It is no surprise, then, that Leonardo and his work remain so enigmatic and magical to us. Reflecting the insights of Italian humanism, Leonardo shows us that, as humans, we are natural, in the world, flesh, bone and muscle, but that we are – as Marx would put it – human natural beings. We are aware of our mortality. Our humanity elevates us above nature and we, as humans, can elevate ourselves to the level of the divine. In this realisation of a theory of painting Leonardo established an artistic tradition that started at an almost unassailable height. In his own words ‘The divinity which is the science of painting transmutes the painter’s mind into a resemblance of the divine mind’.
Leonardo would have been aware of the intellectual form of this argument from his contemporaries Ficino, translator of Plato and founder of the Florentine Academy, and Pico della Mirandola, another polymath who situated man, in the manner of Leonardo’s famous Vitruvian man, at the centre of the universe and as balanced between the animal and the divine with the ability, the free will, to ascend to the angels or descend to the beasts. The genius of Leonardo was to take this conception of the centrality of man and to represent it in art, whereas before it had been limited to sculpture and literature.
Leonardo’s paintings strive to express the insights into being human so characteristic of the all too brief moment of the Renaissance. His time in Milan was near the end of that flowering of humanism. The French invaded in 1499. The Reformation was not far off. The Holy Roman Empire was to sack Rome in 1527. There had already been an aristocratic retreat from the cities to countryside villas. The ideas of the Renaissance were, of course, to spread through northern Europe but in the quite different context of the strong, unified nations and powerful monarchs of France and England: in the absence, that is, of independent city states and their equally independent citizenry.
The Renaissance as a whole is a special moment in history, not entirely explicable in terms of a necessary and causal chain of development from the ancient to the modern. The temporary weakness of the authority of both Church and Empire created a space into and through which human freedom could, albeit briefly, assert itself.
As such, it represents a rupture in history, a letting of light back into the world as if someone had drawn back a curtain for a moment. It is almost as if there is a break in the chain of causality and we see a glimpse of the essential immortality of the human spirit. It is in that sense that Leonardo speaks to us out of time rather than from the past: from one of those privileged moments in which freedom tips the scales against necessity.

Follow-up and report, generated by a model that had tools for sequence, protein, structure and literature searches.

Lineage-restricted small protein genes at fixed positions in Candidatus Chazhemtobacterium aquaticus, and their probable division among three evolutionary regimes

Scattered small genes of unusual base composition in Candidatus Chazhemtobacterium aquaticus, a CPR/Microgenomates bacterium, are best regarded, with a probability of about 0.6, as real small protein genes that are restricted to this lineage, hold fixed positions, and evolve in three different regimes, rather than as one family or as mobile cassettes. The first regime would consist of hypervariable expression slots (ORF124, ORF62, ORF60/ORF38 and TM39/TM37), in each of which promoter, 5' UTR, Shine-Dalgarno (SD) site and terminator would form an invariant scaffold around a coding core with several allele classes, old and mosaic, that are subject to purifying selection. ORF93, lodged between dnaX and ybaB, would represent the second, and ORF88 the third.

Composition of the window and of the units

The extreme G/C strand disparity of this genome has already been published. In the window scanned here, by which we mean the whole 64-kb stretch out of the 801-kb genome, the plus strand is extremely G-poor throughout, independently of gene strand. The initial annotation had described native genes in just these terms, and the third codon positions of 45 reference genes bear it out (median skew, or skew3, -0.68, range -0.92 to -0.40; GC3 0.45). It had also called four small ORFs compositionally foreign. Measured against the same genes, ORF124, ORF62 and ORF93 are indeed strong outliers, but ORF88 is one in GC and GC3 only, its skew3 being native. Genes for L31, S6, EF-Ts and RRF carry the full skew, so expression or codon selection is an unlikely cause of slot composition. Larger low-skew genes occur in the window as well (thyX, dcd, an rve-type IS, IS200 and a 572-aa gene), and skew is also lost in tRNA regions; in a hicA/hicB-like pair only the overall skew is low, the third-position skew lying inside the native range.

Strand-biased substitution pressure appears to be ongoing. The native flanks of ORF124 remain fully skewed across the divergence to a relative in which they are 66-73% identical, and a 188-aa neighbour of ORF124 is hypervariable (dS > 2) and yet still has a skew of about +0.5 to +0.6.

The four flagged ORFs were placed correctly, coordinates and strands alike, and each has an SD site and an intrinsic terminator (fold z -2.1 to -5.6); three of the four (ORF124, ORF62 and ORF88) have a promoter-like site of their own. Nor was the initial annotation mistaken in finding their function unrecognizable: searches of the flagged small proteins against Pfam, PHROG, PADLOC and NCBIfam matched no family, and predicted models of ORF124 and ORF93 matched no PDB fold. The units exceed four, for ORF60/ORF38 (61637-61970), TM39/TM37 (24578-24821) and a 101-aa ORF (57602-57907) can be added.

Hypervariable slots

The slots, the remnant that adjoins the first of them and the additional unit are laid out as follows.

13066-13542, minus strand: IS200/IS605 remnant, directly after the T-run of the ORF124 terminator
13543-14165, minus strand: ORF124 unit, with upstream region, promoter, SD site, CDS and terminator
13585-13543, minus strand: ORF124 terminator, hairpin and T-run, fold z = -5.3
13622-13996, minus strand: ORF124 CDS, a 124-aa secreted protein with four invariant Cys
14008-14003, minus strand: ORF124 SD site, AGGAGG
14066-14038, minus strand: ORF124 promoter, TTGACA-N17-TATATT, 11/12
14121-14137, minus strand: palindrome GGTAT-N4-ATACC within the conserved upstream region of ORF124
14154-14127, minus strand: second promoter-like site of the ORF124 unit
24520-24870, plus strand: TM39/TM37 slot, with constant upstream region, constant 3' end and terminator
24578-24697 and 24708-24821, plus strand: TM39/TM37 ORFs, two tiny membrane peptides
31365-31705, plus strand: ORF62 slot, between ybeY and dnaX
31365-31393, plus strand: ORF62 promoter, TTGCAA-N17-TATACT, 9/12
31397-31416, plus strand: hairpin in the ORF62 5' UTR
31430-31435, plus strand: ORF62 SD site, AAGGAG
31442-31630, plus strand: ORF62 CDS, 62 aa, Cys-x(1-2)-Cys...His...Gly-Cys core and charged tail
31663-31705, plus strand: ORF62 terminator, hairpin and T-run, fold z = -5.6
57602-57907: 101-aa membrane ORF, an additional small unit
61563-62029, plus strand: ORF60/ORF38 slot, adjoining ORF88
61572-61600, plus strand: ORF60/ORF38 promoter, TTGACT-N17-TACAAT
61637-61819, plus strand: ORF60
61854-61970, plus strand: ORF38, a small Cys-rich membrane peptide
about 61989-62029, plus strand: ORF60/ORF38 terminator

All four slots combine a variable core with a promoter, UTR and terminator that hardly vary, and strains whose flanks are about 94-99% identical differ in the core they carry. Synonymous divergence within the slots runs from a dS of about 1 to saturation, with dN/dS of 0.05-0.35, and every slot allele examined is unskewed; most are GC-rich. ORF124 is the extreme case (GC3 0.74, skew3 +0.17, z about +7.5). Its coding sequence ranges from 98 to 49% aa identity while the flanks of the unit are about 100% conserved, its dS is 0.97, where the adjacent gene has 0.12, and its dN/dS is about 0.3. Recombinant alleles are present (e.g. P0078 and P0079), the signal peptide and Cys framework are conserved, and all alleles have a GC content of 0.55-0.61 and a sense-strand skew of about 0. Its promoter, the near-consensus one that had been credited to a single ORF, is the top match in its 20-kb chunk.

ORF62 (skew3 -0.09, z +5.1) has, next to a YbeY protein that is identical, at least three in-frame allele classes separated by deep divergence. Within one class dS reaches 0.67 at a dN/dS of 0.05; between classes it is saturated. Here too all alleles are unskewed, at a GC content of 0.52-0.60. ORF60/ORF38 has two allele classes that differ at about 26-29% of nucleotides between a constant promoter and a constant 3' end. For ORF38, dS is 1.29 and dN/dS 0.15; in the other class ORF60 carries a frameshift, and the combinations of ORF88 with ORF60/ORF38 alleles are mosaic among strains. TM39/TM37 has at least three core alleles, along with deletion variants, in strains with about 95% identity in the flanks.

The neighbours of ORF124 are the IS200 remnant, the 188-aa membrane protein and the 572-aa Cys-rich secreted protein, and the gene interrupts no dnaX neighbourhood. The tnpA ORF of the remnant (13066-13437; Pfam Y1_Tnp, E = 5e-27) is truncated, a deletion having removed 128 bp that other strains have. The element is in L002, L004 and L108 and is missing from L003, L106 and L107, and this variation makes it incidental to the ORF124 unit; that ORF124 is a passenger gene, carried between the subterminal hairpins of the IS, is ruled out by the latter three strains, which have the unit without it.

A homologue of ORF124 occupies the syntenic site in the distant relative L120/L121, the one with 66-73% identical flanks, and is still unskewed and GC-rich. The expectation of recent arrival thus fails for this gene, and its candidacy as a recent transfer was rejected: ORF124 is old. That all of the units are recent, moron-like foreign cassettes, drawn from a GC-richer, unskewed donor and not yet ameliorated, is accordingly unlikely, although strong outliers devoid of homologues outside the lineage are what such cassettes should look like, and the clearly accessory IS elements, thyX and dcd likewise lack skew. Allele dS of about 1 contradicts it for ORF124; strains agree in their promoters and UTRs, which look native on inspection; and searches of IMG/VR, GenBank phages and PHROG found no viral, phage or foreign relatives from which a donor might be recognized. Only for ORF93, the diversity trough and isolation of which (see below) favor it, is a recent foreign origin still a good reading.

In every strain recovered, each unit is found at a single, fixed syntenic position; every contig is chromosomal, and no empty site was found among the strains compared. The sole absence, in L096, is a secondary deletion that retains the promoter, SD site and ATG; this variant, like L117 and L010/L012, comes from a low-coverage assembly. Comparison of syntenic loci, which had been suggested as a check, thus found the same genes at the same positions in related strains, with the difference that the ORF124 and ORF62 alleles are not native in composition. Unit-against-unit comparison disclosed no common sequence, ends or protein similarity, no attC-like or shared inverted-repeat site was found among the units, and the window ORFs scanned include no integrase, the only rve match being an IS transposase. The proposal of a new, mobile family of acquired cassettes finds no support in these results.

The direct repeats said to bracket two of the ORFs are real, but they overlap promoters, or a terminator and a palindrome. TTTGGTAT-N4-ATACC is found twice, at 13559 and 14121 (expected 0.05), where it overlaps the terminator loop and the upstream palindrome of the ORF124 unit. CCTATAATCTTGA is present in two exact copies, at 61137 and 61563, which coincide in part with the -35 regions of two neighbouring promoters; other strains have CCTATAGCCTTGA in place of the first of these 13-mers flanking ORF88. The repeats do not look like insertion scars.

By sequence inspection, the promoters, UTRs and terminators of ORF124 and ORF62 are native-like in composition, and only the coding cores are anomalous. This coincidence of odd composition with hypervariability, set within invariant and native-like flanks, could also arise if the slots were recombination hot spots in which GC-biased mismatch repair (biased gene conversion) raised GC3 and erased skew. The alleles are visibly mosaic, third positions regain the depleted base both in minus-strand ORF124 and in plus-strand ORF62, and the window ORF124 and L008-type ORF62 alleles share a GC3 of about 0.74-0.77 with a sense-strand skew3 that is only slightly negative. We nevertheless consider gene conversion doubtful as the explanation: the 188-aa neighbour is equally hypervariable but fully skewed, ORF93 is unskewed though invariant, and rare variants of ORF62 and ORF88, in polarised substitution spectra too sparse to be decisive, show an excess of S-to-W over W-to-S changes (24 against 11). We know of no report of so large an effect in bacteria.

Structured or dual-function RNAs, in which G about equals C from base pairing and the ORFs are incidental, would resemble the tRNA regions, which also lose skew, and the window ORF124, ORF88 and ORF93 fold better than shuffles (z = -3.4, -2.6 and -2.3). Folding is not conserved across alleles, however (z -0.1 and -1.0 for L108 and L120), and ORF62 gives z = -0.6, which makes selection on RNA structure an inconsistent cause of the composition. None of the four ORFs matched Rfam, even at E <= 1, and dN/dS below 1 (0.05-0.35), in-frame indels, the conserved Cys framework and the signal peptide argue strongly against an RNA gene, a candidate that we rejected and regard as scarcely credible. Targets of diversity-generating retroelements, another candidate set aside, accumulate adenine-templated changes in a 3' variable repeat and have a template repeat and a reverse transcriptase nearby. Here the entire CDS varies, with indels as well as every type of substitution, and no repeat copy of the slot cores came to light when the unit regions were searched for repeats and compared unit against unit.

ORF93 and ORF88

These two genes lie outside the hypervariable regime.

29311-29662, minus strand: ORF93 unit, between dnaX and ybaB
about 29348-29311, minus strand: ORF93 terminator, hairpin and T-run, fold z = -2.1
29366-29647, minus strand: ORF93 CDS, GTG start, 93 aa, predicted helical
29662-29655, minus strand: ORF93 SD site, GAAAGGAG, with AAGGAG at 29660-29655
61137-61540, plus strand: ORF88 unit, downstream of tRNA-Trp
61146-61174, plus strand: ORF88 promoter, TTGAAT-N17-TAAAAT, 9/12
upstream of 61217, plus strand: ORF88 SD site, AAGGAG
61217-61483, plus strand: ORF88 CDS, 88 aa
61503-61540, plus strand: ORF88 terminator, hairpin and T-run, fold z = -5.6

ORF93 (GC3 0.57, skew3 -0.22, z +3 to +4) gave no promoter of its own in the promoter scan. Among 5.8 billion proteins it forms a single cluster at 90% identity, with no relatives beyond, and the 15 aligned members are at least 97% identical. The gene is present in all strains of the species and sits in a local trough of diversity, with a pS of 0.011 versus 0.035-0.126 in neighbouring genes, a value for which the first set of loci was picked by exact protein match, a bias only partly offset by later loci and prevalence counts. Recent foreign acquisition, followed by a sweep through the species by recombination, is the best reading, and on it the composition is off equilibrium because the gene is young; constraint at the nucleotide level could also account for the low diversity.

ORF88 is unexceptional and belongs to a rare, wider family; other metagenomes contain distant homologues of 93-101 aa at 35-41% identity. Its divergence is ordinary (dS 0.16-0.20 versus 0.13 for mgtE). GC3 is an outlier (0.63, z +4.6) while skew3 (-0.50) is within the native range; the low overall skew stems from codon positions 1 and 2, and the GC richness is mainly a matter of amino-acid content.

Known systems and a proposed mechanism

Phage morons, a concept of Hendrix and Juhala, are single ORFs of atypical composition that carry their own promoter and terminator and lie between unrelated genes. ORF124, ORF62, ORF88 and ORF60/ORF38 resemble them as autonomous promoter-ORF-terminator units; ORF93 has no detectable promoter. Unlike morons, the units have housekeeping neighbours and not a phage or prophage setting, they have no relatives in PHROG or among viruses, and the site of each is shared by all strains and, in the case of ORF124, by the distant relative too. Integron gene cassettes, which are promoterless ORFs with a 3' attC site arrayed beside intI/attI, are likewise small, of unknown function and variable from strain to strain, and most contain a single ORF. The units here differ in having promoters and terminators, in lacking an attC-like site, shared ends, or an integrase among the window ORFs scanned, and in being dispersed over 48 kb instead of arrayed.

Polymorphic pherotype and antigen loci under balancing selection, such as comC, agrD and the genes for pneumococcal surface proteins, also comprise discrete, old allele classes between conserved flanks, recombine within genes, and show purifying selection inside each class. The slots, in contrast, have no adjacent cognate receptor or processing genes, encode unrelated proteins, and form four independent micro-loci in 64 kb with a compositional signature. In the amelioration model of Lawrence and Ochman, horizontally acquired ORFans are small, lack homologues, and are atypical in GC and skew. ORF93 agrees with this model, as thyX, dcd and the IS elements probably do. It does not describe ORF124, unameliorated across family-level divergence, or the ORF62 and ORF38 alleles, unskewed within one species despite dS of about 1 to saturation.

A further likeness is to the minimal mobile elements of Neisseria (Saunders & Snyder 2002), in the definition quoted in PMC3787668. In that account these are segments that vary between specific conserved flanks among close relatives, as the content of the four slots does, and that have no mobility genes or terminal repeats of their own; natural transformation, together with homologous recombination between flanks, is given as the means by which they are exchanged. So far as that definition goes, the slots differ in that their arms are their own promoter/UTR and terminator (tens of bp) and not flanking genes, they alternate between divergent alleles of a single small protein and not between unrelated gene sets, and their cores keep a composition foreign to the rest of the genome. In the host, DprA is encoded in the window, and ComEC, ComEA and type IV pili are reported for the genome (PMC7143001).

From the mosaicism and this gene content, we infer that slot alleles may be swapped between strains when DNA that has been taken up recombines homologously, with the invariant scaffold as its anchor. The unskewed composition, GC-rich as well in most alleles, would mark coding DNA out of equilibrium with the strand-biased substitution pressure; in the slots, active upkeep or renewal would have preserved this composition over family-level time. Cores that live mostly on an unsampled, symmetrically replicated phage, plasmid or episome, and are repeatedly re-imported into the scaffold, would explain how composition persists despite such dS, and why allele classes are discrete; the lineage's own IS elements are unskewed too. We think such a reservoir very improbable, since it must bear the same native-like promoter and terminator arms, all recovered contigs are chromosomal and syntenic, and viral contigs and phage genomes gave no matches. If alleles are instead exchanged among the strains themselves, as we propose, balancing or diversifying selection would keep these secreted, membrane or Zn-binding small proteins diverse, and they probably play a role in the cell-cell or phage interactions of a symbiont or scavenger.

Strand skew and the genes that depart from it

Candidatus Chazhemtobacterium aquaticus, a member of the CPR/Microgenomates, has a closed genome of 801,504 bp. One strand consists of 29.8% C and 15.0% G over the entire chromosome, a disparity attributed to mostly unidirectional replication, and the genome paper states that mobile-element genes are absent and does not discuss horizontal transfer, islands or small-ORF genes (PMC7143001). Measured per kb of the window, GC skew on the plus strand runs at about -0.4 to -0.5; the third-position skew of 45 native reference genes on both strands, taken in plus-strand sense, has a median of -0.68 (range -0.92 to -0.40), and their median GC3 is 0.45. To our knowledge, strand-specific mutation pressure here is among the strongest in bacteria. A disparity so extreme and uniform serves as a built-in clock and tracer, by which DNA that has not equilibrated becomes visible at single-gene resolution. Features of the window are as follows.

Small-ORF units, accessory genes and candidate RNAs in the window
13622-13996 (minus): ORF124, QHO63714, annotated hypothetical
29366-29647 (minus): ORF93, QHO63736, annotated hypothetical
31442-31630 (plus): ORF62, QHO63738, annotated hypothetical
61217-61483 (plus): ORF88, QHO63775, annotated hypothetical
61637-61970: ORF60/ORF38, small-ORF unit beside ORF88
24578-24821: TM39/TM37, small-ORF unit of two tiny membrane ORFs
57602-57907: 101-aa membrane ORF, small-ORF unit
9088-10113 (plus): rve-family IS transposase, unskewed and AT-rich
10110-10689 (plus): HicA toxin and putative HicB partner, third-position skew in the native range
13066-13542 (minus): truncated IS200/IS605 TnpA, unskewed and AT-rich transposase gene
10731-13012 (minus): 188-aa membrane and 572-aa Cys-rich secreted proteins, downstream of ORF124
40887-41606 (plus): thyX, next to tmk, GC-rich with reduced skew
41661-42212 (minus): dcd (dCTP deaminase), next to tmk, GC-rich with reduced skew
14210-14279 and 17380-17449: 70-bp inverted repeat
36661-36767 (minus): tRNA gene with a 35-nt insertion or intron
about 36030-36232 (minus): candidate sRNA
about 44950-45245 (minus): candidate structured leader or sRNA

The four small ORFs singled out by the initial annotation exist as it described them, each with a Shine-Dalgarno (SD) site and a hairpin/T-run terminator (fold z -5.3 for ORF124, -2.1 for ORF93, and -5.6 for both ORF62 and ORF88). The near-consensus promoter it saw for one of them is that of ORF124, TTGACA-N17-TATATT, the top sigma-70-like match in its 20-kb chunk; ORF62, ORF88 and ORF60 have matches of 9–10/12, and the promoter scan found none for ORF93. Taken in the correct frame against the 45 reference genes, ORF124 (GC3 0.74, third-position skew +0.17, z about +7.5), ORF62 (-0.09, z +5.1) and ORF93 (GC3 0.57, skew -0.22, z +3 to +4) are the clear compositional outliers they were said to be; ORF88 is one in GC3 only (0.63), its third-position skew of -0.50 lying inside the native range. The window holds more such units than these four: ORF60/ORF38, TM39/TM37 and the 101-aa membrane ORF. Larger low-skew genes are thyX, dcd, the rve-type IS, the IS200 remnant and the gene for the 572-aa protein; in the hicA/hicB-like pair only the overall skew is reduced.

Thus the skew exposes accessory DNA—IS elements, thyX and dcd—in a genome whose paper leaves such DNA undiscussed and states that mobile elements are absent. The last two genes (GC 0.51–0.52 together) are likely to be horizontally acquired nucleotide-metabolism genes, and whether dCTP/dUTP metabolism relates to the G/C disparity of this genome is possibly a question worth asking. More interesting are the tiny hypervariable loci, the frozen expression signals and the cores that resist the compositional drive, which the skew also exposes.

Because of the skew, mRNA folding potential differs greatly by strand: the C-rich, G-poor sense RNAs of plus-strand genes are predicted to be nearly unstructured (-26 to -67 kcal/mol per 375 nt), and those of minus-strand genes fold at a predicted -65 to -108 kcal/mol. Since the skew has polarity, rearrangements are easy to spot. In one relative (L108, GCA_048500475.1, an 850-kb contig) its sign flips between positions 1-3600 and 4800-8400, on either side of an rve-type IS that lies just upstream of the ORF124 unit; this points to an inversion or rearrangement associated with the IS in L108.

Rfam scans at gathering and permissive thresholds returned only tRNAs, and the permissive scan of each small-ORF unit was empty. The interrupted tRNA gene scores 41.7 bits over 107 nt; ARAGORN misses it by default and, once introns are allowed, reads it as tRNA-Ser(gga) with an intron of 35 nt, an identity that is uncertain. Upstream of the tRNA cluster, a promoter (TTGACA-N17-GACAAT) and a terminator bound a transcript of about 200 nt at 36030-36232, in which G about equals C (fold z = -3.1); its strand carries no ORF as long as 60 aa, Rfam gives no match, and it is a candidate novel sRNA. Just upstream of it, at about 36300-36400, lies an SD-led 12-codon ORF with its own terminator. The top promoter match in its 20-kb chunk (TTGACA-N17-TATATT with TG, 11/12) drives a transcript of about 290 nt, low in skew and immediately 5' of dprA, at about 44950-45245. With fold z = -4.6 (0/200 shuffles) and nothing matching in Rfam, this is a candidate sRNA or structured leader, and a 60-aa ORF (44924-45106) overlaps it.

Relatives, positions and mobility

One painting in the National Gallery exhibition maybe sums up all of these ideas more than any other – and it may not even be by Leonardo. The Christ as Salvator Mundi has only recently been attributed as autograph and not everyone is convinced, though there are strong arguments in its favour. The hands are pure Leonardo, always longer than normal; there is a major pentiment in Christ’s thumb, typical of Leonardo’s many changes of mind; the whole has been overpainted and over-cleaned but the way the face is built up of layer upon very thin layer of paint is typical of Leonardo, too. It is more static than much of his work but then the otherworldly nature of the subject demands that.
The picture certainly expresses Leonardo’s theory of painting. The orb in Christ’s left hand is a Platonic symbol, a sphere containing the whole universe. As the exhibition catalogue notes, by painting the sphere as if made of rock crystal, it ‘would be perceived as if formed from light itself… seen to both contain and transmit the light of the world. Moreover, Christ’s hand remains miraculously undistorted. Leonardo has therefore created an object which would be understood as a piece of divine craftsmanship, but still be his own invention. Never did he make the connection between his own creativity and God’s more explicit.’
One could be tempted to go even further. On whom is Christ modelled? Assuming that the painting is autograph, it is arguably a self-portrait. Not because we know that it is like Leonardo – we don’t – but because, at least metaphorically, it has to be him. Giorgio Vasari, in his biography of Leonardo, notes his struggle to find a model for Christ – there can be nonesuch on Earth. In The Lives of the Artists, Vasari quotes Leonardo as saying of the head of Christ that ‘he was unwilling to seek a model on Earth and unable to presume that his imagination could conceive of the beauty and celestial grace required of divinity incarnate’.
There was an option, as the exhibition catalogue argues, to base it on an existing miraculous image and it posits the Mandylion of Edessa – similar to the Turin Shroud – as being a possible model. We don’t know, however, whether or not Leonardo had access to the Mandylion, but we do know that it was not the only possible model. At exactly the same time as Leonardo was painting the Salvator Mundi, north of the Alps Albrecht Dürer was painting himself as Christ, and in a very similar pose, in his Ecce Homo. Clearly it was not an unthinkable thing to do and self-portraiture is, after all, a way of making the ‘invisible visible, the word flesh’. We cannot see ourselves; our own self has that special quality of seeming to us as being in and yet not in the world; and we cannot truly imagine or countenance our own mortality.
And, of course, placing himself in the frame is to highlight further the connection between his act of creation and that of God’s. It is a recognition of the divinity within himself. In a way the picture says to us that man creates man in his own image; and, insofar as he does so, he is God.
Insights like these gained in moments such as the Renaissance are to be treasured. Leonardo is an ever-present reminder to us to look after ourselves and each other, to cultivate ourselves: to put humanity on a pedestal and to make reality poetic, as Goethe was to put it; a reminder never to mock or sneer at humanity’s essential yearning for immortality and for beauty. He, one man, makes us remember that we all are as one. Seven billion might be a big crowd but it’s a human crowd.
Angus Kennedy is head of external relations at the Institute of Ideas.